Benjamin Franklin once said “nothing is certain except death and taxes.” If you work in maintenance, you know that equipment failure is also on that list.
As inevitable as equipment failures are, by paying close attention to mean time to recovery (MTTR), you can make sure failures and outages are resolved efficiently, with the smallest possible impact on your organization’s bottom line.
In this article you will learn what MTTR is, why it is important, and how to calculate and – most importantly – reduce it.
Mean time incident metrics overview
Managing system failure well means minimizing its negative impact. To help you effectively manage losses, several critical metrics should be monitored.
What are the key metrics your maintenance data can give you?
- MTTR (Mean Time To Repair)
- MTBF (Mean Time Between Failures)
- MTTF (Mean Time To Failure)
In this post, we will be discussing MTTR. You will find, however, that knowing how to use the three together will provide you with the most useful data and KPIs (key performance indicators).
That being said, make sure you read our posts on MTBF and MTTF to get a complete understanding of their value and how to utilize them in tandem with MTTR to your advantage.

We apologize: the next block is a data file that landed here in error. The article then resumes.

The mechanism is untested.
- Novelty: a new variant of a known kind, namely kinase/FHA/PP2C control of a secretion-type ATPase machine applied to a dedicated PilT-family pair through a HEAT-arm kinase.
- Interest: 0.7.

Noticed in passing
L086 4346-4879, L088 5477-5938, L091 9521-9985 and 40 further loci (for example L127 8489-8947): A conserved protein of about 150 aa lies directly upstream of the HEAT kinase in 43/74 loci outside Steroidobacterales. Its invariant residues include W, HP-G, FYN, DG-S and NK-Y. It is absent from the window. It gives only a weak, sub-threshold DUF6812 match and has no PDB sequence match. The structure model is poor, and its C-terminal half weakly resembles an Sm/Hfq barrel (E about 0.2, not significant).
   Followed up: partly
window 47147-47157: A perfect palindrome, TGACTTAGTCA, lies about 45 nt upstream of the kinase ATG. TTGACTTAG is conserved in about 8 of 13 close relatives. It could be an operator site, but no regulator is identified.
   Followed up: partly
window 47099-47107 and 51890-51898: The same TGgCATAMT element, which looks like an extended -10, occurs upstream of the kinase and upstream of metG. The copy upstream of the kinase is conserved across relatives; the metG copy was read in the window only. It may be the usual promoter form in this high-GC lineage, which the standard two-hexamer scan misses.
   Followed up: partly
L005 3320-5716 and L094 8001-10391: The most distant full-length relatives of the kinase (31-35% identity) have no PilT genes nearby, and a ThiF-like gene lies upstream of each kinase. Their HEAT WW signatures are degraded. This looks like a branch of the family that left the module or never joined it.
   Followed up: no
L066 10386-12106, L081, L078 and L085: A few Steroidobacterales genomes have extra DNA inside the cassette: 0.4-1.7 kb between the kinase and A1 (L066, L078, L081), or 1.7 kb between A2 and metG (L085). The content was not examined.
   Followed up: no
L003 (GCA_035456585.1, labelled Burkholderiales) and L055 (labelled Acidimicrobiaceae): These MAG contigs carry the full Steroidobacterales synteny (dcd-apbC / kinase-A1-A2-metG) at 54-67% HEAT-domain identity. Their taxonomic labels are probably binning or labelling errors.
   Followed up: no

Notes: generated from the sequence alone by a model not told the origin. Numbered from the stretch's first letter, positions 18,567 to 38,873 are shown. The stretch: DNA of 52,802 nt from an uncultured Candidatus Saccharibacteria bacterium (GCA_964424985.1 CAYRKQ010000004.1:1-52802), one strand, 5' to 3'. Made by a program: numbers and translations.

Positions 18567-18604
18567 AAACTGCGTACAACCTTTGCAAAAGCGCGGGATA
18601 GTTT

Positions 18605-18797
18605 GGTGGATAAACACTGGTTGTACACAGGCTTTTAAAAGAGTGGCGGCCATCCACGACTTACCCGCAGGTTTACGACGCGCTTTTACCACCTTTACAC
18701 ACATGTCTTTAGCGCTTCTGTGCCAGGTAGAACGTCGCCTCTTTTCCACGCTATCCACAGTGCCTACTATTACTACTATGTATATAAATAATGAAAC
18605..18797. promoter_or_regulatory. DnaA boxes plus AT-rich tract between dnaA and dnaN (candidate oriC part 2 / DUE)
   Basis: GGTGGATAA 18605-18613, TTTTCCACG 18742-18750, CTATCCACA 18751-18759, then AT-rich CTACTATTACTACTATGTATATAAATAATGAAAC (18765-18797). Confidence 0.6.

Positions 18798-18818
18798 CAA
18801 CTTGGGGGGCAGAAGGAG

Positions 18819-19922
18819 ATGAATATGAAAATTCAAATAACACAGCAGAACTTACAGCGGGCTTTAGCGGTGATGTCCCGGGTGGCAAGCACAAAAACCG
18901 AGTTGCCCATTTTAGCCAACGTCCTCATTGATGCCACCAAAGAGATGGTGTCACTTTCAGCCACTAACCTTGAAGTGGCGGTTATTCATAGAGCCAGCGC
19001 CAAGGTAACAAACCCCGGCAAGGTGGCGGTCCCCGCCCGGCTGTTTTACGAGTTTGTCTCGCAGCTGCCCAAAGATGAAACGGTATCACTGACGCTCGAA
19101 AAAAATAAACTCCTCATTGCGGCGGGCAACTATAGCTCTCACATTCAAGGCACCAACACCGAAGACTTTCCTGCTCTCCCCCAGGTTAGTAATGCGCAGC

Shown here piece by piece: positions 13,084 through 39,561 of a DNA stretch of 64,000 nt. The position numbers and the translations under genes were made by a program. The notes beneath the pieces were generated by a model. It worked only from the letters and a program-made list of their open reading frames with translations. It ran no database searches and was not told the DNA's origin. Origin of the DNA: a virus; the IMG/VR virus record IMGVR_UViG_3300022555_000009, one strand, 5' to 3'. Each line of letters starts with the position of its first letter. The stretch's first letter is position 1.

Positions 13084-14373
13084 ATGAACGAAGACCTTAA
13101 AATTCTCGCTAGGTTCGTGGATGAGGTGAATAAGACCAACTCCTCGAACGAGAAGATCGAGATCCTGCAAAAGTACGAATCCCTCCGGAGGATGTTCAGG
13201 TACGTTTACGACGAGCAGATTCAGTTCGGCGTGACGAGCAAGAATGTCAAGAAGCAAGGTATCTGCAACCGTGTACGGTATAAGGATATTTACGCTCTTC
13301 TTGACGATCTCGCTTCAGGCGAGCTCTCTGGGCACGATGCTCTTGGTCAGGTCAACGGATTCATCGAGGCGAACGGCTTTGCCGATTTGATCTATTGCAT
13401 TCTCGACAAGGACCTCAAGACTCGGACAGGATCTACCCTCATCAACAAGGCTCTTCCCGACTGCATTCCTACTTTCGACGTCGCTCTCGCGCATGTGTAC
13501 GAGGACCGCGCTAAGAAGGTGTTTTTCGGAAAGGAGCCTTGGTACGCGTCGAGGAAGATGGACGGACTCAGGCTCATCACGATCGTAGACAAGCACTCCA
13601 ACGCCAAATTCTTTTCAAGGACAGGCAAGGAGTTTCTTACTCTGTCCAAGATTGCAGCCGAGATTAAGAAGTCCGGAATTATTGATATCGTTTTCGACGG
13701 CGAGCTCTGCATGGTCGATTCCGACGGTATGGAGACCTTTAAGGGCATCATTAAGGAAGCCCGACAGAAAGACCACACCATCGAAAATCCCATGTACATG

What is MTTR, or mean time to repair?
Mean Time To Repair (MTTR) is the average amount of time it takes to repair a system or piece of equipment and restore it to full functionality. The MTTR clock starts ticking when the repair begins and continues until operations are restored.
- Time to troubleshoot and diagnose the problem
- Repair time
- Testing period
- Time to assemble and start up the asset
Why MTTR is important
Lengthy downtime periods have a huge effect on productivity. In a manufacturing environment, long mean time to repair leads to missed production deadlines, increased labor costs, loss of revenue, and various operational issues.
But MTTR can be an important tool for any organization. Lengthy repairs can indicate many inefficiencies that have easy fixes such as:
- Lack of training, technical knowledge, or maintenance records
- Insufficient availability of tools or spare parts needed to complete a repair
- Communication delays
What your MTTR means for your organization
MTTR is a measure, but it’s not magic. It is the number you’ll use as a guidepost but you must use it to take action and drive change in order to see meaningful improvement.
Because there are so many ways to interpret MTTR, success will only come when you dig deep into the data to explore patterns and outliers. It is important to keep a few things in mind.
- MTTR can easily be distorted by outliers. If you have a single incident with vastly different incident response or repair than others, your data may be skewed.
- MTTR is not time-bound. It cannot calculate for on or off-peak usage times, meaning that it cannot accurately report back on overuse or quiet periods impacting repair times.
Here is an example: